“This is.. early in your monthly visit,” the last two words again seem spiteful, but he says nothing. “Which means you are here for something.” She squints her eyes at Reo, almost as if analyzing.
“And you haven't asked your father for it.” Reo's jaw clenches at somehow being readable, at least by her. God, I should have just booked hotel rooms while I was at it, he fumes.
She sets the cup onto the table, genuinely curious at this point. Her son was successful enough to do what he wanted. And if it was out of reach in some way, his father could grant it. But he's coming to me, she thinks. Why?
Silence was Toshio's tactic. The man could go minutes before the other party broke, Aiko preferred honey to vinegar. “Come now, Reo, you know I'd help you out with anything, within reason.”
Reo softens a bit at that, finally turning to look at his mother as his mouth opens, but his breath hitches. He closes his mouth. What on Earth is this boy going to say? She wonders. It's very rare that Reo could surprise her anymore.
“We..” he pauses, choosing his words carefully. “I have.. guests coming. And it's a last-of-the-minute thing, and they don't have any local reservations. So I thought..” He looks around, open palmed at the room they were in, but the message was clear: the rest of the house and its many guest rooms.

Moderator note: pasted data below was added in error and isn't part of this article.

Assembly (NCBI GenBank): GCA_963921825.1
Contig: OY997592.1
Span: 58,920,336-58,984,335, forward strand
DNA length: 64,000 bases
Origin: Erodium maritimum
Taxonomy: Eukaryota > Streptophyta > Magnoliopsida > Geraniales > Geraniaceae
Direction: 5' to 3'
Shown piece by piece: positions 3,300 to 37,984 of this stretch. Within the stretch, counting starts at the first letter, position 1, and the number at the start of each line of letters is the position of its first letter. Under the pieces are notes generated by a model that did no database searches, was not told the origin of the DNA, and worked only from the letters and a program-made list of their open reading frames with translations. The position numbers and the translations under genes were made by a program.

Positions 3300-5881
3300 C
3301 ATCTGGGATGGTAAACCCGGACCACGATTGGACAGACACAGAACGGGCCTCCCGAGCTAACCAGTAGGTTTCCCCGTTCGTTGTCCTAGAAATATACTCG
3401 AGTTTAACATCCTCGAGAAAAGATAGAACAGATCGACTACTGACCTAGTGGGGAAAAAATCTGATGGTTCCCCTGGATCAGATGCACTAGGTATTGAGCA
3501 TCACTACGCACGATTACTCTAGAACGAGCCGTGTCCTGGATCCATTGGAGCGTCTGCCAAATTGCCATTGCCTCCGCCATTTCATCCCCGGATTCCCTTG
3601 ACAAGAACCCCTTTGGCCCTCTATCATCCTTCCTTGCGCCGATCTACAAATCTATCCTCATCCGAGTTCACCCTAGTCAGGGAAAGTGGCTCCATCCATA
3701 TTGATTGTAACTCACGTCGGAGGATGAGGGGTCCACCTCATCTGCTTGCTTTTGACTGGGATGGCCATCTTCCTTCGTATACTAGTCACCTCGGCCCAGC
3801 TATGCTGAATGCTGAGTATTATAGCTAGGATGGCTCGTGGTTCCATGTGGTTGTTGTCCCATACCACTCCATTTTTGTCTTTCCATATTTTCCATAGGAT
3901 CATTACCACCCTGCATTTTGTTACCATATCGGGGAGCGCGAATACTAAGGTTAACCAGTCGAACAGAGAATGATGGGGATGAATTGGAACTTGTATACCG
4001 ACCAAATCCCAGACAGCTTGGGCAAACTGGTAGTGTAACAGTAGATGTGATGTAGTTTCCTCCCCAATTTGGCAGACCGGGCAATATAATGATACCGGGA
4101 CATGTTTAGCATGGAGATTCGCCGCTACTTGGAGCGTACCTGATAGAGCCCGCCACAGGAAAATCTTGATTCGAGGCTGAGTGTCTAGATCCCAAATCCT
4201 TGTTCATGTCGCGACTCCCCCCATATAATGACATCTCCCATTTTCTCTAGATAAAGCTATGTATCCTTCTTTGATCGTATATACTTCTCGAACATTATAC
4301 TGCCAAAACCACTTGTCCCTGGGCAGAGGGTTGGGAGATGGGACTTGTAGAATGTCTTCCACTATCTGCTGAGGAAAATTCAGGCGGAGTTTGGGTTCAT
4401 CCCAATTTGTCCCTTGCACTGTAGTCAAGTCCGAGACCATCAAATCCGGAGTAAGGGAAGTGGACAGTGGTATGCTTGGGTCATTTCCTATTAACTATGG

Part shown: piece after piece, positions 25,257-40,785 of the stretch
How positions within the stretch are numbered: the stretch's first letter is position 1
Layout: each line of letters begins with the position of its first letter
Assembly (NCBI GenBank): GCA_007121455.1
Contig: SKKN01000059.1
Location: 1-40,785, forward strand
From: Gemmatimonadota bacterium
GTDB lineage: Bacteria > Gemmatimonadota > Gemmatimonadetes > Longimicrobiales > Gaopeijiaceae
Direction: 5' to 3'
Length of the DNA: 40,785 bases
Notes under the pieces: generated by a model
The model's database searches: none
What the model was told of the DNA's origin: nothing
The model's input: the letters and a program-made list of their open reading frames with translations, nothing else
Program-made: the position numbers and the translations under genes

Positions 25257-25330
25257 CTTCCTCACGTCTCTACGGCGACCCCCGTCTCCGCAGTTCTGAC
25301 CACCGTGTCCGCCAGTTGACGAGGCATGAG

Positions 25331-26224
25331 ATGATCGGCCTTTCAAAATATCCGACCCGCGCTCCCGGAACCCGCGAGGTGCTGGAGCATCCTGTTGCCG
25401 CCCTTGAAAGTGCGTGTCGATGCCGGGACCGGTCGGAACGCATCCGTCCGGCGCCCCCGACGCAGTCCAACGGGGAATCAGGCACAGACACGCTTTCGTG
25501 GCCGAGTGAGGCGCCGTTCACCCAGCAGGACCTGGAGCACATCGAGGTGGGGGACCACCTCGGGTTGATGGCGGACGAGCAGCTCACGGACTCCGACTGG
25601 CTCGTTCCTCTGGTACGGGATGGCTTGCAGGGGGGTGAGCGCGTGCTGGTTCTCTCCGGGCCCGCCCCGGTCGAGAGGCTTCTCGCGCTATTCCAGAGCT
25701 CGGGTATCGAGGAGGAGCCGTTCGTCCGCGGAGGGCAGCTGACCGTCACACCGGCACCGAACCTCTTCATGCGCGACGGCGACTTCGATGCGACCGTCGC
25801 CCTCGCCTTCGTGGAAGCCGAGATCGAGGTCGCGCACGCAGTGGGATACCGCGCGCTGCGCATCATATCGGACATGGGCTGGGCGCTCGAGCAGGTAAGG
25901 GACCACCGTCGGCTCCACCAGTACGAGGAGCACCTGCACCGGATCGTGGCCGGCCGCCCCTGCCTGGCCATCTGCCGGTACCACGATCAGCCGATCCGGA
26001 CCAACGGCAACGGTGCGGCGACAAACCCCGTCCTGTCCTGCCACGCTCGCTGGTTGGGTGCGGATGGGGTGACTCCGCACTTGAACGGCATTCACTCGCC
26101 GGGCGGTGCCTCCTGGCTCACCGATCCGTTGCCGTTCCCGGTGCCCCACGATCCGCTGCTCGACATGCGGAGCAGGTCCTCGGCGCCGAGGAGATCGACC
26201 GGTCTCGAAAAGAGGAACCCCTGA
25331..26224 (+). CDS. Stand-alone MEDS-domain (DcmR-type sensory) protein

Usually Toshio was the one to ask these things, but again, he had come to her. She was no stranger to hosting guests; foreign, domestic, friends, family.
Family. She looks at him, who again won't meet her gaze. And there's only one person that can make Reo act like that, she confirms.
“Lan is coming, isn't he. When?” she asks.
Aiko does still feel a sense of pride when she can outwit the men in her life, Toshio and Reo alike. When she came into her own, many took her as another pretty face. It's interesting to see someone's reaction when they're caught off guard. And Reo was no different. It was plain to see on his face that he was blindsided that his mother had any idea, or that he had given any indication.
“H-How did you..?” he stammers, shaking his head, as much as she got a kick out of it, he was used to his mother's preternatural abilities, even if he couldn't explain them. “Yes, Lan is coming, for Mountain Day, remember? It's next weekend.” People in Hiroshima didn't give much thought to the holiday as most were near sea-level, and Fuji was a background set-piece.
“Father asked him to come, like he asks for all holidays, and for some reason, this year, he accepted.” Reo continues.
Aiko was silent, taking her son's news in, but she herself didn't understand. Lan hated it here. Lan hated Hiroshima. Her mind cycled through reasons: Why would he come for such a minor holiday? Toshio and Reo take care of his needs in Tokyo. They don't allow him money, and he doesn't do anything except.. exist. He doesn't dislike me, but he doesn't like me either. So why? The question truly baffled her as she gave up and finally asks Reo.
“Why? What is his reason for coming here? I don't mind in the least, but why now?”
Reo reaches down for his tea and drinks from it, as if stalling for time. Its only when his gloved hands place the saucer on the table does he reply.
“I said I was hosting guests.”
“Plural.” He states.
- a recovering disaster? / twitter: @rgdrac
apologies for everything about me, it might get better.